Pattaya – Some People Never Want To Leave

Since its transformation from a small fishing village into Asia’s most popular seaside resort, Pattaya has played host (and been home) to some wild and ingenious characters.
The late 1960s saw the arrival of shell-shocked warriors from the front in nearby Vietnam. One marine sergeant managed to hide his pet bear, Roscoe, in his kit bag so he could bring his furry comrade on R&R. The garrulous twosome holed up in a bungalow resort at North Pattaya. The then-manager (now a local businessman) refused to let Roscoe use the pool or the restaurant, so the marine refused to come out of his bungalow.
“The soldier ordered beer and whiskey from room service all day and all night,” recalls the ex-manager. “Those two drank everything in the bar, the restaurant and the store.”

When the MPs finally arrived to take the marine back, he couldn’t pay the huge bill, so the bear, even drunker than its owner, was held against the soldier’s return. The manager tethered him to a palm tree on the beach until he got him sobered up. The marine never came back the for the critter, so the resort kept him as a mascot.
Some people have come for the weekend and stayed for life. Dolf Riks sailed into Pattaya Bay in 1967, “to relax a couple of days, then put back to sea.” As usual in Thailand, fate had other plans. Dolf relaxed a bit too much and soon found himself “let’s say, flat broke.” The enterprising Dutchman took a job as a cook and quickly got a name for his inventive cuisine. He says: “At that time you couldn’t get ingredients for European dishes, so you had to improvise.”
Dolf mustered his talents and his savings, and opened his own establishment, Dolf Riks, on the beach road. A couple of years back, Dolf moved his now-famous restaurant to a secluded spot in North Pattaya. People come from Europe and the United States to sample his rijstaffel, a memory of Dolf’s days in Indonesia, and to listen to this amiable raconteur bring to life an era of Thailand long past.

The spirit house you see perched in the garden of your hotel and decorated with garlands and food is the deluxe suite of the most important resident, the property’s guardian spirit. Cantankerous and unpredictable, it can play merry hell if the mood strikes it. Keeping on its good side is a smart idea. One foreign hotelier learned this the hard way.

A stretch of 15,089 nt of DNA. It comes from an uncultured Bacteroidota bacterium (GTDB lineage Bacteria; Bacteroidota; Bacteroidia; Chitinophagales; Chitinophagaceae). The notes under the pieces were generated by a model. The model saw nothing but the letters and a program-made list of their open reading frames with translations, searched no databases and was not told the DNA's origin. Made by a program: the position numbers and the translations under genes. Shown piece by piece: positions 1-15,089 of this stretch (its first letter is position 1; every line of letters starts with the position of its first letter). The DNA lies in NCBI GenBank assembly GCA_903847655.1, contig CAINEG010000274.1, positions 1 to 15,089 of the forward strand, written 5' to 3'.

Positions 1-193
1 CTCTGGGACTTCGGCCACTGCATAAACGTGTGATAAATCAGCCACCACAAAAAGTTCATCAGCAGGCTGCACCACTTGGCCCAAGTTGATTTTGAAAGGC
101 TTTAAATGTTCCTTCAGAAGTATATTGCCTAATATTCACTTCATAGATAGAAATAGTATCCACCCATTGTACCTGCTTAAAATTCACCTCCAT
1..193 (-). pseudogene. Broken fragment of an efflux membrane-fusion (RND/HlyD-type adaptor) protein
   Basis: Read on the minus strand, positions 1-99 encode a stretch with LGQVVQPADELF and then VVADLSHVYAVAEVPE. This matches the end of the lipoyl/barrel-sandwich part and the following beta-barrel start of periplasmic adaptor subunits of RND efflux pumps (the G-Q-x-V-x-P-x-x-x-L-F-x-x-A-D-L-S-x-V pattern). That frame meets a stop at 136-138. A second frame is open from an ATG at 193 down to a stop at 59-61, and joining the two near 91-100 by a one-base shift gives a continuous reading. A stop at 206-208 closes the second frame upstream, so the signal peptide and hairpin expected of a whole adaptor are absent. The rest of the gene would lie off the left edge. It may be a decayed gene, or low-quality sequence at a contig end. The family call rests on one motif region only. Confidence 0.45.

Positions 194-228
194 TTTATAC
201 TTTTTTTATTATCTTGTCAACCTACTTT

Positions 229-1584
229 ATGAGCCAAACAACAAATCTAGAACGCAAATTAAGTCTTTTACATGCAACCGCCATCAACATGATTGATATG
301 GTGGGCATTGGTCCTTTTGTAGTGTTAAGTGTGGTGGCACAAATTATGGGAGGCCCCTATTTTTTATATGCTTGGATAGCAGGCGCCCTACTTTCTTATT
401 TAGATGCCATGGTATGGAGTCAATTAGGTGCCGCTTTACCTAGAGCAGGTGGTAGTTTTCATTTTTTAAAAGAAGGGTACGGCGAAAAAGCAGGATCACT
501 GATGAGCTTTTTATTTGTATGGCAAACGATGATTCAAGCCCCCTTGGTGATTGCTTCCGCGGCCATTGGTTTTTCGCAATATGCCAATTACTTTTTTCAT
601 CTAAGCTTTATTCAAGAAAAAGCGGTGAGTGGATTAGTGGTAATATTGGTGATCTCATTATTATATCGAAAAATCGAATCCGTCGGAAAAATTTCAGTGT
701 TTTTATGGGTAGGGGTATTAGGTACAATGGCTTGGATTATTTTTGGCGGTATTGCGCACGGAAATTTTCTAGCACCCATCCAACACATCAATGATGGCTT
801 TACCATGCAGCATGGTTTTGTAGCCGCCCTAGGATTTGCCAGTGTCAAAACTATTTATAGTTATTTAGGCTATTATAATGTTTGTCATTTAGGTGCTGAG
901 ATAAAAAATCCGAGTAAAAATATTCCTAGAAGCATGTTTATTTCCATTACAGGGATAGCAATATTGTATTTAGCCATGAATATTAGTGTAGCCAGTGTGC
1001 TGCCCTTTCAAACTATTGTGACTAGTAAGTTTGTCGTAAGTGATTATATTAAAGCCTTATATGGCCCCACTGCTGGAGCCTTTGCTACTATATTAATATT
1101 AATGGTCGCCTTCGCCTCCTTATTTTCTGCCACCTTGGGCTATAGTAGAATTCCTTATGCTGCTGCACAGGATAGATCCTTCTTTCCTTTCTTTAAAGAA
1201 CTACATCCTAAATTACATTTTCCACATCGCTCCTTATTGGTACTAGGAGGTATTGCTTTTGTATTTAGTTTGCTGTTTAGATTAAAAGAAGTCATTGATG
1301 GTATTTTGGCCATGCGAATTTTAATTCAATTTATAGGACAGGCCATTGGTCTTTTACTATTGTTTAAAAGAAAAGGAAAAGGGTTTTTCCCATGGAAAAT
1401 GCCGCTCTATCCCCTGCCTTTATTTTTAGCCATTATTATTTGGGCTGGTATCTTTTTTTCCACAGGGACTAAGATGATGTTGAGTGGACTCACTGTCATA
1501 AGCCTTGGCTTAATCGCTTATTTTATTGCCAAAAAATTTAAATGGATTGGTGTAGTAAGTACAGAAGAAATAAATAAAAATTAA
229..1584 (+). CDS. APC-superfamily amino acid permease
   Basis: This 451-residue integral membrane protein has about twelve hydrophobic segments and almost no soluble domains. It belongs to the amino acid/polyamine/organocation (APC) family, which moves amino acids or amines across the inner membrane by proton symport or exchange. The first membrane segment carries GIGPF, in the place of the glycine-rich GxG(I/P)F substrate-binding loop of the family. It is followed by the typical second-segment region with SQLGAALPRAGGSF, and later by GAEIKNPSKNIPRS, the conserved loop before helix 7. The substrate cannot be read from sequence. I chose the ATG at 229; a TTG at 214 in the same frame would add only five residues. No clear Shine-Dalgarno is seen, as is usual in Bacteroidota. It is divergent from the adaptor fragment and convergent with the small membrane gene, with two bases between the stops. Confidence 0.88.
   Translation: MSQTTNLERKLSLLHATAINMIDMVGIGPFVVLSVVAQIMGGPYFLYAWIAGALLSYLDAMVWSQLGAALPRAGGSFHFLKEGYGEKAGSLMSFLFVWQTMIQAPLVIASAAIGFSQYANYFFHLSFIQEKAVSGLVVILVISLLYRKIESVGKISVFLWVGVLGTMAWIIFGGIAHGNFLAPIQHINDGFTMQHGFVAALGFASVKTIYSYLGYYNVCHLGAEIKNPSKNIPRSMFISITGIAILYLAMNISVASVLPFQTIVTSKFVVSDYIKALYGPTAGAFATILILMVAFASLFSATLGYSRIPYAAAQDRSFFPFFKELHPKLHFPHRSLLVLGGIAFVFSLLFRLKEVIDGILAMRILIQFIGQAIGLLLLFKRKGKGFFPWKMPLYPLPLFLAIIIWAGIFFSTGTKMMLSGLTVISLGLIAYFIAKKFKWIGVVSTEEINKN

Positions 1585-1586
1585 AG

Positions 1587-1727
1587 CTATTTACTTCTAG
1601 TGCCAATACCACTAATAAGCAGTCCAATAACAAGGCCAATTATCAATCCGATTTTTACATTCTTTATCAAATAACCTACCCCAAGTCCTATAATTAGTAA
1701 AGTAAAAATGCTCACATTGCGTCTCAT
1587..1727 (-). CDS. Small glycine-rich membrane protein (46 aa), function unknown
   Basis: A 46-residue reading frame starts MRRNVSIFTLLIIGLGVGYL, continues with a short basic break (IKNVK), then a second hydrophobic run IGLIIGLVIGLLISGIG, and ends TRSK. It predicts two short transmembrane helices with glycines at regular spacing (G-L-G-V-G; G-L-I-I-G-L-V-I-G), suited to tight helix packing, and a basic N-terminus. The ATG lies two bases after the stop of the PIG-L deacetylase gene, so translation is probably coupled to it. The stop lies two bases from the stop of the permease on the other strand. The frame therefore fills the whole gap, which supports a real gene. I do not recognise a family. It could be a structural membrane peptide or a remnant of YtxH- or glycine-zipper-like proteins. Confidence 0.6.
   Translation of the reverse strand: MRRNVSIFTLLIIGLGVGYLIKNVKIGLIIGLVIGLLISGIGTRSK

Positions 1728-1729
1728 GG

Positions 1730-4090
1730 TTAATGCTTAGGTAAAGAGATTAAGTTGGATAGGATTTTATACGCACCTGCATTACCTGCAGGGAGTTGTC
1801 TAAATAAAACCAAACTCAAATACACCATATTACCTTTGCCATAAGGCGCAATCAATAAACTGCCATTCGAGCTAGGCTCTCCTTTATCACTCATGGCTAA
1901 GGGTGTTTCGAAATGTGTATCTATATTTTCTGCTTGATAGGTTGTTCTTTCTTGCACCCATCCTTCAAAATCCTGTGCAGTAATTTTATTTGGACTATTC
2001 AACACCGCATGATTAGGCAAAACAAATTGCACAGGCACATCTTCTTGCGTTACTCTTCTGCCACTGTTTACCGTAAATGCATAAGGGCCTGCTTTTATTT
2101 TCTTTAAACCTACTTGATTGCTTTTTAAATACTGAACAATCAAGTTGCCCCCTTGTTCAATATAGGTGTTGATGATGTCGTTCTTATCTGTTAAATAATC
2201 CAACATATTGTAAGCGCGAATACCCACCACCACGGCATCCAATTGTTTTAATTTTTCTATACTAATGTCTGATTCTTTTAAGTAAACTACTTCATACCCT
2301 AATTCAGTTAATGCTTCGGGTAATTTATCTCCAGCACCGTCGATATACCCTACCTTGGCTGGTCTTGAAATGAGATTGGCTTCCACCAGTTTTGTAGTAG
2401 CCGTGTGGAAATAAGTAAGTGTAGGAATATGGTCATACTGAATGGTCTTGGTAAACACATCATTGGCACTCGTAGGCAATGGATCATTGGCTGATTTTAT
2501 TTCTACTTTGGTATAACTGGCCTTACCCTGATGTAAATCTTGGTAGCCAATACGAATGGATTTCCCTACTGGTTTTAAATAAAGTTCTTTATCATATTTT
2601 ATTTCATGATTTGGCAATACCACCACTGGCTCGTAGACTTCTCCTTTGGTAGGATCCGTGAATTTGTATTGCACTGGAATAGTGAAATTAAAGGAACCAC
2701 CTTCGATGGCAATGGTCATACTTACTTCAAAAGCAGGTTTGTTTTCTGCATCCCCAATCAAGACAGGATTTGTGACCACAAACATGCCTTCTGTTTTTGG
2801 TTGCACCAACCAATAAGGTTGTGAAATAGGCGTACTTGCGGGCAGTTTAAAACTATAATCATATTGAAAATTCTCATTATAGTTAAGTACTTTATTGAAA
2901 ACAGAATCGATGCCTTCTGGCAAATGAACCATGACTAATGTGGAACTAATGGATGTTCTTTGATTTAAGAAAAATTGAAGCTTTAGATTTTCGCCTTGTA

A new, beachfront hotel was going up. The land had been bought after the eviction of an old widow and her cats. Disgruntled, she predicted the hotel would not be built THE SPIRIT HOUSE without trouble. Soon after building
started, the baby son of a laborer fell into a ditch and drowned. The distraught mother, aware of the old woman’s curse, immediately blamed ghosts for luring the child to its death. Having lost his firstborn son (not only a tragedy but also a bad omen), the father took to drink. Then one of his friends slipped from the bamboo scaffolding during a brief shower and broke his back. Most of the men quit, and the remainder—staying on only because they desperately needed the money—had to work longer shifts.

One night, the father got roaring drunk with his few remaining buddies, knocked over a kerosene lamp and burned the quarters to the ground. No one died in the blaze, but construction came to a grinding halt. The foreign manager tried to explain that accidents do happen. The workers knew better. So, nine monks were invited from the local monastery to help solve the problem. After an elaborate exorcism ceremony was performed, the strange accidents ceased. Workers were hired, the hotel opened just a few months behind schedule, and the worker’s wife was soon pregnant again. It goes without saying that considering the hotel’s modest size, it has an impressive spirit house.